1976 Sola Sound Tone-Bender Fuzz

Model Description:

Famed English electronics engineer Roger Mayer is probably at the root of the long history of the Sola Sound Tone‑Bender. In the early 1960s, Mayer was making improvements to the Gibson Maestro Fuzz Tone for guitarists like Jimmy Page, Jeff Beck and session musician Big Jim Sullivan. The first Sola Sound Tone‑Benders began to appear around 1965, designed and built in London by in‑house technician Gary Hurst. The early ‘Mk 1’ pedals with sand cast metal enclosures were sold through Macari’s Music Exchange in London and the electronics were also branded by different companies such as Vox, Marshall and RotoSound. The two‑transistor ‘Mk 1.5’ version from 1966 formed the basis of the Dallas Arbiter Fuzz Face and Vox Tone Bender. The three‑transistor Sola Sound ‘Professional Mk II’ appeared from 1966 until 1968. By around 1970, the ‘Mk III’ Tone‑Bender Fuzz pedals featuring a new tone control appeared followed quickly by the ‘Mk IV’ featuring a three‑transistor circuit with a germanium diode. 1970 also saw the Colorsound ‘Sola Sound London’ trademark appear for the first time and from 1971, the pedal was marketed as the Tone‑Bender Fuzz with its now‑classic orange and black graphics over a silver pressed steel enclosure, which is probably the most recognisable form. In 1973, Colorsound also introduced the Supa Tone Bender, which used a different circuit based on the 1973 four‑transistor Electro‑Harmonix Big Muff. Another variation was the Colorsound Jumbo Tone Bender. The various incarnations of the Tone‑Bender circuit were discontinued in 1976. There have been numerous variations on the circuit design over the years and the differences are often technical and made little difference to the overall sound of the pedals, as far as the majority of consumers were concerned. Many collectors see the hallowed ‘Mk 1.5’ as the holy grail of Tone Bender pedals and these attract the highest (and scary) vintage market prices. Over the years, many copies and reissues have emerged onto the market, perpetuating the spirit, and indeed the mythology, of the cool & rare 1960s and 1970s originals.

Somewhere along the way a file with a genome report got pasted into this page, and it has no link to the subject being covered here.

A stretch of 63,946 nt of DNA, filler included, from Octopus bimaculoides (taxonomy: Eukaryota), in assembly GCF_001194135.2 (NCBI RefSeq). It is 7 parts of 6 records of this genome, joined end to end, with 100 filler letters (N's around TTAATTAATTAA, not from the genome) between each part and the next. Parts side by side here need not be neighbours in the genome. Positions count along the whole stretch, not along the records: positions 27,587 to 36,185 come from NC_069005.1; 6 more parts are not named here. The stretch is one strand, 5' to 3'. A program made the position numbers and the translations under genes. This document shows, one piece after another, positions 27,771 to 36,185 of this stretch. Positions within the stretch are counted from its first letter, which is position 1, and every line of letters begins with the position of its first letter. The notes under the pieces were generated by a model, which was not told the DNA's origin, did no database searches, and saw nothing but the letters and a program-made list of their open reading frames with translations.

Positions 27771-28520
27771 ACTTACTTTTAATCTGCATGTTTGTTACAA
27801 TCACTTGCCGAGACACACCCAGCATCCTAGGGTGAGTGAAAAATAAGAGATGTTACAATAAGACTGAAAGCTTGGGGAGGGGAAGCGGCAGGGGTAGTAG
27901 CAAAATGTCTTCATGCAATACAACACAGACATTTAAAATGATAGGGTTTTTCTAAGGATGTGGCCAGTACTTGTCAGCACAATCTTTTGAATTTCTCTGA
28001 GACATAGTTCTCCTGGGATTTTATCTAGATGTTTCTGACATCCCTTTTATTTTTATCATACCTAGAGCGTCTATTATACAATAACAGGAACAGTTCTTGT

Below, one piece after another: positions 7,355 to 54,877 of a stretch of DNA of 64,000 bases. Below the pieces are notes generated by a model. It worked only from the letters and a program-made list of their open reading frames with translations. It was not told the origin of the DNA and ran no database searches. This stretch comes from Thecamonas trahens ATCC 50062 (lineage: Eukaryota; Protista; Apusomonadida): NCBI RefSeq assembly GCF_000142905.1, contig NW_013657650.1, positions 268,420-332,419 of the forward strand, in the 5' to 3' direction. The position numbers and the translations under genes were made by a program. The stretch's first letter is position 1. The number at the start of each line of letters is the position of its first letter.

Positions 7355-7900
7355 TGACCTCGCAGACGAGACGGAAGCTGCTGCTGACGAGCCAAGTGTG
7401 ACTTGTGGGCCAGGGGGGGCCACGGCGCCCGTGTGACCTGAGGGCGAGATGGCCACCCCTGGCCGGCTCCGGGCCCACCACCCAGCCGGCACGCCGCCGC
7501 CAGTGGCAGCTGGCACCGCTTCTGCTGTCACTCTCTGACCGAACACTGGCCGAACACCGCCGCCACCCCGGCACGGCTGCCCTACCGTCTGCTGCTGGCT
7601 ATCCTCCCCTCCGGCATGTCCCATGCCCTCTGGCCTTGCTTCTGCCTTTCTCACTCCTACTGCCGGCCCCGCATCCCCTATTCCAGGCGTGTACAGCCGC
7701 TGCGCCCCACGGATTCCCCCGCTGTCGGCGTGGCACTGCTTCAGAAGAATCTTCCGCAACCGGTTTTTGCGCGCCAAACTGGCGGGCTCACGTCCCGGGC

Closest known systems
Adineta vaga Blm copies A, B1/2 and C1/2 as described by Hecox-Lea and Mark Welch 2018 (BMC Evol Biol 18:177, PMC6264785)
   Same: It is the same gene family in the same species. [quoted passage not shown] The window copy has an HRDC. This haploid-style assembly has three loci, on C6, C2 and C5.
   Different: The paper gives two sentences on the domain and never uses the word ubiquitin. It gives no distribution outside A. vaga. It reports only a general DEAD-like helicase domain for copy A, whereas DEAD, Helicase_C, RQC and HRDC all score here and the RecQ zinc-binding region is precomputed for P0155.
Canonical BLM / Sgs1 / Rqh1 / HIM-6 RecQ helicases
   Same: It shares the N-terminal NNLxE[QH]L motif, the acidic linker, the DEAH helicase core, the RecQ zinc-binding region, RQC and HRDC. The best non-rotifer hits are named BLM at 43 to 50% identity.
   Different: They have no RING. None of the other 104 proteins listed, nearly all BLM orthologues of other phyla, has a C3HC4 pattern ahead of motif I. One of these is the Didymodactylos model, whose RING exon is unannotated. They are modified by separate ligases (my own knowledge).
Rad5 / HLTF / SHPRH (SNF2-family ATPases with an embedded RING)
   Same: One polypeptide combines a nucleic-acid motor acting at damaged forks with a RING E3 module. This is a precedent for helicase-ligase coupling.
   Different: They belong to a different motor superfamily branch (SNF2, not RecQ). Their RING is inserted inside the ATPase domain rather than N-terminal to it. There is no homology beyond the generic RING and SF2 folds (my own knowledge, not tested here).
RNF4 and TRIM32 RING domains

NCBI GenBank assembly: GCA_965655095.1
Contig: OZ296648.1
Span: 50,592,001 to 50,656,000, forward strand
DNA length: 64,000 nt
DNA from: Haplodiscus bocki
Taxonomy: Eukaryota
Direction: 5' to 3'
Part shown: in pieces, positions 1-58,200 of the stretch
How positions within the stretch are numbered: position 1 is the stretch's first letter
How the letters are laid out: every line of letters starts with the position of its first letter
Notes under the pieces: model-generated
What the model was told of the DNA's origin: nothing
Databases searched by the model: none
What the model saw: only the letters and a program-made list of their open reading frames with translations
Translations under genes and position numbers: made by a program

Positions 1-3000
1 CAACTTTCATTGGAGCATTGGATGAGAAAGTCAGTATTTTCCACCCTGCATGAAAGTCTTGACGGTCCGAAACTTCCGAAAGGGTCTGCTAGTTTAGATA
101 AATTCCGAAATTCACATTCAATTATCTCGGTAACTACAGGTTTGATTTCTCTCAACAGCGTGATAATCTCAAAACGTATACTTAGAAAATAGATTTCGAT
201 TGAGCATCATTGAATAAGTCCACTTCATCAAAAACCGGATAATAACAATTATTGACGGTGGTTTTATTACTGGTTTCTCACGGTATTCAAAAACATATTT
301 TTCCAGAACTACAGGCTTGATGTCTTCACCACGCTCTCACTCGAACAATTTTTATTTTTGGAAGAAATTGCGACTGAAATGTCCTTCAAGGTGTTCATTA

Pedal Description:

There are really only a very few guitar effect pedals out there that can earn the title of being genuinely iconic. This accolade belongs to stomp boxes such as the Dallas‑Arbiter Fuzz Face, the MXR Phase 90 and the Ibanez Tube Screamer. The classic Colorsound/Sola Sound Tone‑Bender Fuzz is probably another inclusion into this select group. Here we have a classic 1970’s version of the highly revered Tone‑Bender Fuzz, made in London, England in typical silver, orange and black, this one dating to July 1976. For the geeks out there, this particular version is based heavily on the Tone‑Bender ‘Mk III/IV’ design but with a slightly different circuit based on a simplified Electro‑Harmonix Big Muff v3. This subtle internal difference can be readily identified by the word ‘Tone’ instead of ‘Treble’ and ‘Bass’ below the tone control and the reversal of ‘Instrument’ and ‘Amplifier’ jack sockets. The ‘Colorsound’ brand is nowhere to be seen here, only the Sola Sound name. This cool example carries a few superficial scars to the pressed steel enclosure as evidence of decades of use and its ridged rubber baseplate strips have been replaced. Otherwise, it is all‑original, intact and works perfectly. Most importantly, the circuit inside has been well‑protected and seems to be completely untouched. The aesthetics don’t affect the diverse distorted tones that made it a benchmark effect in the first place and popular with long‑time endorsees such as Jimmy Page. For such a simple old‑fashioned circuit, the humble Tone‑Bender makes a mightily monstrous sound, everything from low gain to squealing feedback, from warm mellow to cutting shrill tones. With guitar volume rolled back, it can produce that lovely edge‑of‑breakup grating noise that pushes into snarly, growling scuzzy distortion when you dig in, to all out frantic fuzziness if and when you want it. The Tone‑Bender’s talents make for a very addictive and seductive tonal palate. It’s all in there to be released, like a caged and frustrated Sasquatch on heat. It is reminiscent of a very good Electro‑Harmonix Big Muff but slightly different. The original Tone‑Bender deserves its hyperbolic accolades. May the fuzz be with you.


  • Made by Sola Sound, England, UK in July 1976
  • The ‘Volume’ knob controls the output level
  • The ‘Tone’ knob controls the amount of treble or bass
  • The ‘Fuzz’ knob controls the amount of distortion
  • Standard ‘Pre‑Set Button’ on/off footswitch controls whether the effect is on or off
  • Standard ¼” input and output mono jack sockets
  • No LED status indicator
  • 9V battery operation only
  • No serial number


  • Jeff Beck
  • Jimmy Page
  • Big Jim Sullivan

Detail Gallery:

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